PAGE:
Once again, the duo is still in search for the “American Dream.” While delirious in a small, grungy diner, Duke and Gonzo have a conversation with the waitress and the cook (described to the reader by dialogue through tapes) and discover that “The American Dream” is actually the name of a place – an old psychiatrist’s club, located on a Paradise Avenue.

“There is a certain consistency in the garbled sounds however, indicating that almost two hours later Dr. Duke and his attorney finally located what was left of the “Old Psychiatrist’s Club”—a huge slab of cracked, scorched concrete in a vacant lot full of tall weeds. The owner of a gas station across the road said the place had ‘burned down about three years ago.’”(76)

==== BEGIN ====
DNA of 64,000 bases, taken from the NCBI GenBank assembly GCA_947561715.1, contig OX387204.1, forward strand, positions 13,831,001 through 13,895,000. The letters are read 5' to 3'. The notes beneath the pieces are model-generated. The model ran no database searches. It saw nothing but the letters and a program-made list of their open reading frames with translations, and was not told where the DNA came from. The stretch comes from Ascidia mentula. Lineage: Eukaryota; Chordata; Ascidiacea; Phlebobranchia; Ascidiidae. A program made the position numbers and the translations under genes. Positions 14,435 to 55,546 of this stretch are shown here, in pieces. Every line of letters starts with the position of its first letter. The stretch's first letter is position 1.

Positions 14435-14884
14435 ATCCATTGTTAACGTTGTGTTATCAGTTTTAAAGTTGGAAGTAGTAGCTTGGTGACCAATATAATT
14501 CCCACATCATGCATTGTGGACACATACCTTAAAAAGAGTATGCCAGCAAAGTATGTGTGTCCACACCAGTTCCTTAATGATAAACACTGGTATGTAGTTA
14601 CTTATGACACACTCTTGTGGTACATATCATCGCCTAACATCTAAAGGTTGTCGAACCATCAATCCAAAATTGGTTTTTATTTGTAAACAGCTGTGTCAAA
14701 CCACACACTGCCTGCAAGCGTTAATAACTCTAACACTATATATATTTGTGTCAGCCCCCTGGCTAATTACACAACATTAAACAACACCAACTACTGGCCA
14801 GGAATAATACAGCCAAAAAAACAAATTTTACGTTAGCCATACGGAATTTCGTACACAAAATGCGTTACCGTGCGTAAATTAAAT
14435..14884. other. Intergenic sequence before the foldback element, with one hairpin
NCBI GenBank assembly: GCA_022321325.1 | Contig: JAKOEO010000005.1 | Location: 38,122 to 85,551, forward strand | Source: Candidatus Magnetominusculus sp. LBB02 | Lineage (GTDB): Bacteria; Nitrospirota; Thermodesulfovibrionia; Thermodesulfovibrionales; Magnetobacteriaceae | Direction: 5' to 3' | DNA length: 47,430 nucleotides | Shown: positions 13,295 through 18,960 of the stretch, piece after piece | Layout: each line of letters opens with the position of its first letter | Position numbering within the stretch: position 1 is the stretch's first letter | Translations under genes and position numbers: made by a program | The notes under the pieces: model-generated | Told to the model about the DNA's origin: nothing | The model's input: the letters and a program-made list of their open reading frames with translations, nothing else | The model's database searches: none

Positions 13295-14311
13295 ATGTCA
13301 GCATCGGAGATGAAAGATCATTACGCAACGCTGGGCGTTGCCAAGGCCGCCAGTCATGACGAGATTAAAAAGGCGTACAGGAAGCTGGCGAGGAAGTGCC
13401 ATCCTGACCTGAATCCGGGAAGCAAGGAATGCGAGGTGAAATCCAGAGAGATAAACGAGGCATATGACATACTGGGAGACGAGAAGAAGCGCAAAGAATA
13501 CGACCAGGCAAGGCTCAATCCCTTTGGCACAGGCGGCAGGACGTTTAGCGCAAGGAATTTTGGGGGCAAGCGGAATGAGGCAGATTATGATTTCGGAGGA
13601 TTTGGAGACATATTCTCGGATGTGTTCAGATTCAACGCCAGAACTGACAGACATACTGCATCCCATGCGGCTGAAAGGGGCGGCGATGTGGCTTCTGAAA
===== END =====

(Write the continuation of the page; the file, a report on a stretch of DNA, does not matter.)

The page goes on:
This passage is arguably the one of the most important statements within this novel. The American Dream no longer exists. It is merely an empty, corrupted space in what Americans are told is paradise. There is no depth, only an infestation of weeds - governmental lies and influence, as well as distortion of political movements. This story was published in the Rolling Stone in 1971, therefore three years prior would have been 1968, a very crucial point in American history. It was right in the midst of the Vietnam War, exactly when the Tet Offensive took place. This event led many American’s to question their country’s involvement in Vietnam, and marked significant growth in anti-governmental sentiment.1968 was also the year that Nixon had been elected. Thompson made several small comments about him prior to this scene, allowing his absolute hatred for Nixon to bubble to the surface. Martin Luther King Jr. was fatefully assassinated during this year as well, while his once peaceful organization, SNCC, became increasingly more militant, and lost sight of Dr. King’s initial believe in civil disobedience. The dream he had described in his speech during the March on Washington was now in shambles, just as the faith in America was nearly obliterated by the war and to Thompson, Nixon’s election. There is no more progression, not even a shard of the shattered American Dream that once fueled American society, only disillusionment, hopelessness, and raging frustration.